If you’re stuck in town without a beach to go to, the Hélio Oiticica retrospective, “To Organize Delirium,” at the Whitney Museum of American Art, might seem like the perfect summer show, because it brings its Brazilianness with it, some restless hippie-hammock sense of bright-colored, beautiful-boy-immersive romantic hijinx. It even recreates his most famous installation, called Tropicalia, where you can get sand between your toes (in the museum’s air-conditioning), and wander around the shacks he’d designed, and even come upon a live parrot in a cage. Oiticica, the son of an upper-class Brazilian family, first made it in 1967, when he was just 30 and a gay revolutionary idealist out to transcend the strictures of class and race which he’d become impatient with, or certainly didn’t fit with his eroticized sense of utopian possibility. These worlds he made might seem campy today, but were profoundly political at the time, when Brazil’s culture was coming apart at the seams. This was the late ’60s, after all, when suddenly the world’s seams became visible, and Brazil’s government responded by becoming increasingly authoritarian. In 1970, Oiticica visited New York, where he’d been included in a landmark MoMA show about conceptual art, and that year, using money from a Guggenheim Foundation fellowship, he moved to a loft at 81 Second Avenue, where these photographs were taken. There he built his own communal world: He called the subdivided, lofted space his Babylonests (for a while he sold cocaine to pay for it all, and, presumably keep the party going.) This is an excerpt of a slideshow the Whitney has on display, from 1973, called Neyrótika, of Oiticica and his lovers — there are 80 slides and they’re accompanied by a soundtrack from the radio and the artist reading Rimbaud poems — one of the most evocative pieces of what his life was like at the time. Oiticica returned to Brazil in 1978 and died, at just 42, in 1980.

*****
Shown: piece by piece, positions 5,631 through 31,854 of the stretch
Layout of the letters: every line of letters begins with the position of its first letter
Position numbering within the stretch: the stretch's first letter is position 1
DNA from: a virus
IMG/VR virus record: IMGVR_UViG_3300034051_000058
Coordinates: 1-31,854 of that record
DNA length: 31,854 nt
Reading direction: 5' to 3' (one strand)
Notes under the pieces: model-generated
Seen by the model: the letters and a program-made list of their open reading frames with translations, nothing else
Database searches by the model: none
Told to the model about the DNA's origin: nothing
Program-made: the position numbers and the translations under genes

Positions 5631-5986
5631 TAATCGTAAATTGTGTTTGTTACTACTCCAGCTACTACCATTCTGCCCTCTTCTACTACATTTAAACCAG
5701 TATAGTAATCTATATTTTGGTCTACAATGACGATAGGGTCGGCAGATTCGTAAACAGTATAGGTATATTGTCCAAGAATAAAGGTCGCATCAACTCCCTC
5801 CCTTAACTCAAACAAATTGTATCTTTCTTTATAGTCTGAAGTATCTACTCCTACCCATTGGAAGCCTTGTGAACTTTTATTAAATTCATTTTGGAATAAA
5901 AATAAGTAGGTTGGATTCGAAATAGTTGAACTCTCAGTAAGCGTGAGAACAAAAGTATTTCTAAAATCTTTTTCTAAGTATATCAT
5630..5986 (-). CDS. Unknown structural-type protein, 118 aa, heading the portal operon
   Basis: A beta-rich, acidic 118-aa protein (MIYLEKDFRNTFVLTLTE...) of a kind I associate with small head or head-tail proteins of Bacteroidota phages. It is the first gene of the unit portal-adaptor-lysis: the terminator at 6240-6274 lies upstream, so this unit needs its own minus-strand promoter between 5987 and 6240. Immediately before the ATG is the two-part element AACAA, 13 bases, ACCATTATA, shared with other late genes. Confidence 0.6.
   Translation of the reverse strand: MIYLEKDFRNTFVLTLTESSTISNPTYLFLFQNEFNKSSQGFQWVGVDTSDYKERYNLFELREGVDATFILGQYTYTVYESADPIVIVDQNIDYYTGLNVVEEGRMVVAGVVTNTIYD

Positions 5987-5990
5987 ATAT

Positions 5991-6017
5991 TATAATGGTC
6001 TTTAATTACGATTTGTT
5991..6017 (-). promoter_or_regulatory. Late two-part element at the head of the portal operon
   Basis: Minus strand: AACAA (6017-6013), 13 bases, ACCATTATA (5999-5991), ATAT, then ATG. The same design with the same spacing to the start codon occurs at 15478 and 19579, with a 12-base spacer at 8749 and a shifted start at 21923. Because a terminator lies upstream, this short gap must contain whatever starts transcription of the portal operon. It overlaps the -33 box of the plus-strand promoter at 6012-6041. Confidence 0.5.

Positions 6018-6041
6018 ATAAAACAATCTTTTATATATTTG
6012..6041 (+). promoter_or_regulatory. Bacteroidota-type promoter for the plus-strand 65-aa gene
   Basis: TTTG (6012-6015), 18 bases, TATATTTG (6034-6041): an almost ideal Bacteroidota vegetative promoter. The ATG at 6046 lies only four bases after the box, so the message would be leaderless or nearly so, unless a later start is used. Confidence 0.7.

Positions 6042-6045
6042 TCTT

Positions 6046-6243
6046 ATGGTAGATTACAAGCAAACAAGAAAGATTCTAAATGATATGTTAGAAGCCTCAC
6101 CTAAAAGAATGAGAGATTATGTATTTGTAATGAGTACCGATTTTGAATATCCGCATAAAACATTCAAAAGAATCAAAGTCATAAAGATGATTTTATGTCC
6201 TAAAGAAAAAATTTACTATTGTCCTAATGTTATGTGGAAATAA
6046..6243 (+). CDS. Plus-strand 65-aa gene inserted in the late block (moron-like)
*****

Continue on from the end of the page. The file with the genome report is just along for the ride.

Photo: Hélio Oiticica, detail of Neyrótika, 1973. Collection of César and Claudio Oiticica